Brother Bishops, distinguished guests, and members of the CCCB staff,

I am pleased to present to the members of the Canadian Conference of Catholic Bishops my report on the activities of the Conference since its last plenary meeting.

The past year has been an exceptional one, marked by achievements in many areas. Today, I would like to focus on but two of these, because of their significance.

The CCCB’s pastoral solicitude for Indigenous Peoples is as old as the Conference itself. Yet, the Holy Father’s visit last July and his heartfelt apologies marked a significant milestone in the journey to reconciliation, a relatively recent focus for the CCCB, inspiring us to make new forays in our individual and collective pastoral engagements with Indigenous Peoples.

Let me begin by highlighting the long-anticipated publication of our four pastoral letters on reconciliation – to the First Nations, to the Inuit, to the Métis, and to the People of God in Canada. After three years of listening to Indigenous Peoples, followed by careful discernment and diligent work, we arrived at a series of key messages and commitments that, now having been published, will hopefully serve as a framework for furthering relationships of trust with Indigenous Peoples for years to come.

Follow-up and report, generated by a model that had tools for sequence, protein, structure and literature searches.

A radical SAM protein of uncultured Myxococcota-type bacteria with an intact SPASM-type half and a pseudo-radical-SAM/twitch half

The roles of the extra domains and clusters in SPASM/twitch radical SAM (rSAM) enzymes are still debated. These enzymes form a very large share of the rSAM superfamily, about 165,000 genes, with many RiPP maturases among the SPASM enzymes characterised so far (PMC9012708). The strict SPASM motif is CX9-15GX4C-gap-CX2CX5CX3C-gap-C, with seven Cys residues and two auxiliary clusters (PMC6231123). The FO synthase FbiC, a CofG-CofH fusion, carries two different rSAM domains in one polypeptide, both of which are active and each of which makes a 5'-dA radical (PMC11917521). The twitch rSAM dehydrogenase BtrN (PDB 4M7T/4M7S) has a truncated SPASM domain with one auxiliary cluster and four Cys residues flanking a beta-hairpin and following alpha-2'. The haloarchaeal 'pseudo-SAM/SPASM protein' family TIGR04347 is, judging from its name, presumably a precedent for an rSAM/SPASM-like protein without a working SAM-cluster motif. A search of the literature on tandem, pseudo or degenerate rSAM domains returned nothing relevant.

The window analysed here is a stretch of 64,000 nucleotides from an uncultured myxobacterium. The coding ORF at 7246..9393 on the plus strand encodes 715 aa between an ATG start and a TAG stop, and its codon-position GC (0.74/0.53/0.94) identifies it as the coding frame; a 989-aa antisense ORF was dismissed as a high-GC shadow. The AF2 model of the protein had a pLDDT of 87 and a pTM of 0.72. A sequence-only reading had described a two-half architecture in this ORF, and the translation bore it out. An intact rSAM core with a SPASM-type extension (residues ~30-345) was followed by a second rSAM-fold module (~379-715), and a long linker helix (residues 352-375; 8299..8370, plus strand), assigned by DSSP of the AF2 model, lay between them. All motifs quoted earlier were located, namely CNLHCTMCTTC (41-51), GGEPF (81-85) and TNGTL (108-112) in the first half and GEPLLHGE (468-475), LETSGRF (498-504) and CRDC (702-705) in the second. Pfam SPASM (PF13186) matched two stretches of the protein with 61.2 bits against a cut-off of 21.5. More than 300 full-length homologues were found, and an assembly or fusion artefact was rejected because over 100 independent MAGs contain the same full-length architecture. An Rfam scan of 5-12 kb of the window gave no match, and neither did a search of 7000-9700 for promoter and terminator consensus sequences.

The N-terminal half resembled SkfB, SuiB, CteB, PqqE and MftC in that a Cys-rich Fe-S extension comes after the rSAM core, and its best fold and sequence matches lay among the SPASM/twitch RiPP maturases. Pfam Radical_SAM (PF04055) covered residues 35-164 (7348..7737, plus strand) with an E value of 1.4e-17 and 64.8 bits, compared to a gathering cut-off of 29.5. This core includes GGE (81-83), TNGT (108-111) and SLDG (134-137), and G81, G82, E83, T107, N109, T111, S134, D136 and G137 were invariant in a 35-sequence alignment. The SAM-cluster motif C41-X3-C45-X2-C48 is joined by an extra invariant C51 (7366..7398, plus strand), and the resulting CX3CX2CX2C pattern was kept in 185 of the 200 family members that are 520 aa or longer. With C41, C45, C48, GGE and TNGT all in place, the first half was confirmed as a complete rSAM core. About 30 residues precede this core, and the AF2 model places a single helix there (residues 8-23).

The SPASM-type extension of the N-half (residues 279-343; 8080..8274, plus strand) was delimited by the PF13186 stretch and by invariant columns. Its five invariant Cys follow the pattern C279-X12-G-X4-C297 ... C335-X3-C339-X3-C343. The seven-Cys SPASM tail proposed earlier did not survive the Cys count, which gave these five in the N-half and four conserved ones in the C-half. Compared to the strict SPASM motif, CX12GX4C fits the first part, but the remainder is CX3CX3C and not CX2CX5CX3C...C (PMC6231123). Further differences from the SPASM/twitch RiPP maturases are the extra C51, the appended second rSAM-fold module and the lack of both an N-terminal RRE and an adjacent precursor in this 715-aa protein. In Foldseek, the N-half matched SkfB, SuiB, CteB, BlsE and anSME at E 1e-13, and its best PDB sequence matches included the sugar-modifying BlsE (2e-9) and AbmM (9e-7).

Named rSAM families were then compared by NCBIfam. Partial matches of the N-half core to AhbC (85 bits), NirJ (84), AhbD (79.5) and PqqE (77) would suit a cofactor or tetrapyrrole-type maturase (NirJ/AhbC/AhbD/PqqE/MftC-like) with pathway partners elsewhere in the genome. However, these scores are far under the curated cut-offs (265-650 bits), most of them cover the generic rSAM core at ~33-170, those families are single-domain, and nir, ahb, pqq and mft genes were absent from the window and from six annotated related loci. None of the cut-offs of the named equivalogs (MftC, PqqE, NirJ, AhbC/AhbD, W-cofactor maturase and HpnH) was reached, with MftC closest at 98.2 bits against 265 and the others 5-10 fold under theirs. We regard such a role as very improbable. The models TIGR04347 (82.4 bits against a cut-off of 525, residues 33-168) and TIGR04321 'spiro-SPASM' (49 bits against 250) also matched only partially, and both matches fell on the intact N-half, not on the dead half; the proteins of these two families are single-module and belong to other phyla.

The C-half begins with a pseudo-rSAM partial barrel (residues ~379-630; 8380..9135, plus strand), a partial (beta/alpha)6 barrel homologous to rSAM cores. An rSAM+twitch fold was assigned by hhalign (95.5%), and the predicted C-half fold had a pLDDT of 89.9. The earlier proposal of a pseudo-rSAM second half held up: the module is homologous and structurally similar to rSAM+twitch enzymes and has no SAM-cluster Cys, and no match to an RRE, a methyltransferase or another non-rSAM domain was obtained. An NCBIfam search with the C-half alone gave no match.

Our shared commitment to truth, healing, reconciliation, and hope will again be in evidence this week, as we consider future plans relative to the Canadian Catholic Indigenous Council, including how the Council itself might take up the commitments in the Pastoral Letters.

We know, of course, that reconciliation, if it is to be tangible, must have concrete local expression. For this, the role of individual dioceses and eparchies, each according to its means and ability, is indispensable. Thanks to their generosity, for example, the Indigenous Reconciliation Fund, which is only two years old, now stands at over $11 million and is well on track to exceed its five-year target of $30 million. Even more encouraging are the fruits of this incredible outpouring which can already be seen in the projects being initiated by Indigenous Peoples at the local level, supported by dioceses, to further healing and reconciliation.